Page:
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United States Department of Agriculture

Agricultural Research Service

Title: Leptospiral Outer Membrane Antigen Expression, Cross Reactivity, and Distribution in Kidneys from Infected Hamsters

Authors
item Barnett, Jeanne - UNIV SO IN, EVANSVILLE
item Barnett, Dean - UNIV SO IN, EVANSVILLE
item Cheville, Norman - VET PATH, IOWA STATE UNIV
item Bolin, Carole
item Haake, David - UCLA SCHOOL OF MEDICINE

Submitted to: American Society for Microbiology
Publication Type: Abstract Only
Publication Acceptance Date: May 18, 1998
Publication Date: N/A

Technical Abstract: The outer membrane of cultivated Leptospira species includes lipopolysaccharide (LPS), a porin (OmpL1), and several lipoproteins including LipL36 and LipL41. Experiments were conducted to characterize the in vivo expression and distribution of outer membrane antigens in infected hamster kidney. Hamsters were infected by intraperitoneal inoculation with virulent L. kirschneri serovar grippotyphosa, L. interrogans serovars canicola or lai, or L. borgpetersenii serovar hardjo. Immunohistochemistry using monoclonal LPS antibody or monospecific polyclonal outer membrane protein antisera was used to demonstrate antigens in kidneys 4, 10, and 28 days after inoculation. At all stages of infection LPS, OmpL1, and LipL41 were demonstrated on organisms colonizing the renal tubular lumen. Antisera against LipL41 could detect all 4 strains of Leptospira. Although LipL36 is a prominent outer membrane antigen of cultivated L. kirschneri, it could not be detected in vivo. LP was found throughout the cytoplasm of renal tubular epithelial cells whose luminal surfaces were colonized. At 28 days after inoculation, LPS and OmpL1 were also detected in the interstitium within phagocytes, suggestive that intraluminal shedding and tubular epithelial cell uptake and transport of outer membrane components contribute to the persistent and progressive local host inflammatory response. Taken together, these data support the relevance of outer membrane components in the pathogenesis of leptospiral nephritis, and the potential for OmpL1 and LipL41 in diagnostics and vaccine development.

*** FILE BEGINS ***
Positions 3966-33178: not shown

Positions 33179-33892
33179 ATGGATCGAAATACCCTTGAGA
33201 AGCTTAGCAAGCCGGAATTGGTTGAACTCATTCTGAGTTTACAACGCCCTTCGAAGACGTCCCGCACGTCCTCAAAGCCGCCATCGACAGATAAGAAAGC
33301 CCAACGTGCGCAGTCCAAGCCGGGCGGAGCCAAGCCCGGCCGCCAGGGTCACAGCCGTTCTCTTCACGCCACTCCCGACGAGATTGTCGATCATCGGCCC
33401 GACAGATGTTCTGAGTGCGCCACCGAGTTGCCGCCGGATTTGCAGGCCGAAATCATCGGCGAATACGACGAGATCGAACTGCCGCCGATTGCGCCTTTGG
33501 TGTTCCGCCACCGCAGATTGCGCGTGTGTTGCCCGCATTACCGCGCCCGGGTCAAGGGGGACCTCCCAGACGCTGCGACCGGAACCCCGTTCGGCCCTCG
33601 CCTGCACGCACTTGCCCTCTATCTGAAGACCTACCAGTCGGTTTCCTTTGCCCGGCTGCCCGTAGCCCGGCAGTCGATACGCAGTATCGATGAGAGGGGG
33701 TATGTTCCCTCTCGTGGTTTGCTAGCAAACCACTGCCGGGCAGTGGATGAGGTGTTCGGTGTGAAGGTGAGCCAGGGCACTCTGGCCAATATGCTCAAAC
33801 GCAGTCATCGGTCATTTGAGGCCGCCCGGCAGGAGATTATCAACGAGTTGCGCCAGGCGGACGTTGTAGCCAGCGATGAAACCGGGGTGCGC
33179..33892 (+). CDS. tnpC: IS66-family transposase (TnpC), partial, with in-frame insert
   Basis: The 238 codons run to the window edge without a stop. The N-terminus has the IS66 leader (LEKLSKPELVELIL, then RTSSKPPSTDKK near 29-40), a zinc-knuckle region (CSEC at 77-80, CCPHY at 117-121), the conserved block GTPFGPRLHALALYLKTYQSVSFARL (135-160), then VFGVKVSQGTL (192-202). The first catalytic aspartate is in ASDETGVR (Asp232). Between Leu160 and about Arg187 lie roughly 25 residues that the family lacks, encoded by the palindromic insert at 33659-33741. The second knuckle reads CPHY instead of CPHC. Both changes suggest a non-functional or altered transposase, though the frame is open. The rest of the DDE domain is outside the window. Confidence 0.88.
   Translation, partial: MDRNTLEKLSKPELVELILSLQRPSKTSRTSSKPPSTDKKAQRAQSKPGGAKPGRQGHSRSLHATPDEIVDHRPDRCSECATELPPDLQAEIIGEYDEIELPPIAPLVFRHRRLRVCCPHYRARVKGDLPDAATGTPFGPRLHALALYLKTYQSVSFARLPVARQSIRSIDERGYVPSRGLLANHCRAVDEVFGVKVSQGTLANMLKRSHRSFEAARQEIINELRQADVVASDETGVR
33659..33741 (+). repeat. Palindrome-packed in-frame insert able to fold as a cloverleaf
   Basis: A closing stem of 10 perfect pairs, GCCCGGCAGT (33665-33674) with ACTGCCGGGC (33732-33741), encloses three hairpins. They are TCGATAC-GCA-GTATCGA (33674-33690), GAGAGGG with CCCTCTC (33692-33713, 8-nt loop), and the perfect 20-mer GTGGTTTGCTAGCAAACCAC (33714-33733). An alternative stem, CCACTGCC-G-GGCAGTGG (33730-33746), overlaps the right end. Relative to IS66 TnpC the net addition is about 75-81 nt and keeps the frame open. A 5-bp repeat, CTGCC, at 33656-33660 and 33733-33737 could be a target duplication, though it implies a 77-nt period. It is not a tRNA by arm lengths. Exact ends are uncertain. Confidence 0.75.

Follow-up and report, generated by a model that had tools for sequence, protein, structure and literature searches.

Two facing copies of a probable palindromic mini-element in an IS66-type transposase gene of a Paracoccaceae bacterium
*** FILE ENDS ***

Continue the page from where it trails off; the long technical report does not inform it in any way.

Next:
Last Modified: 8/22/2014
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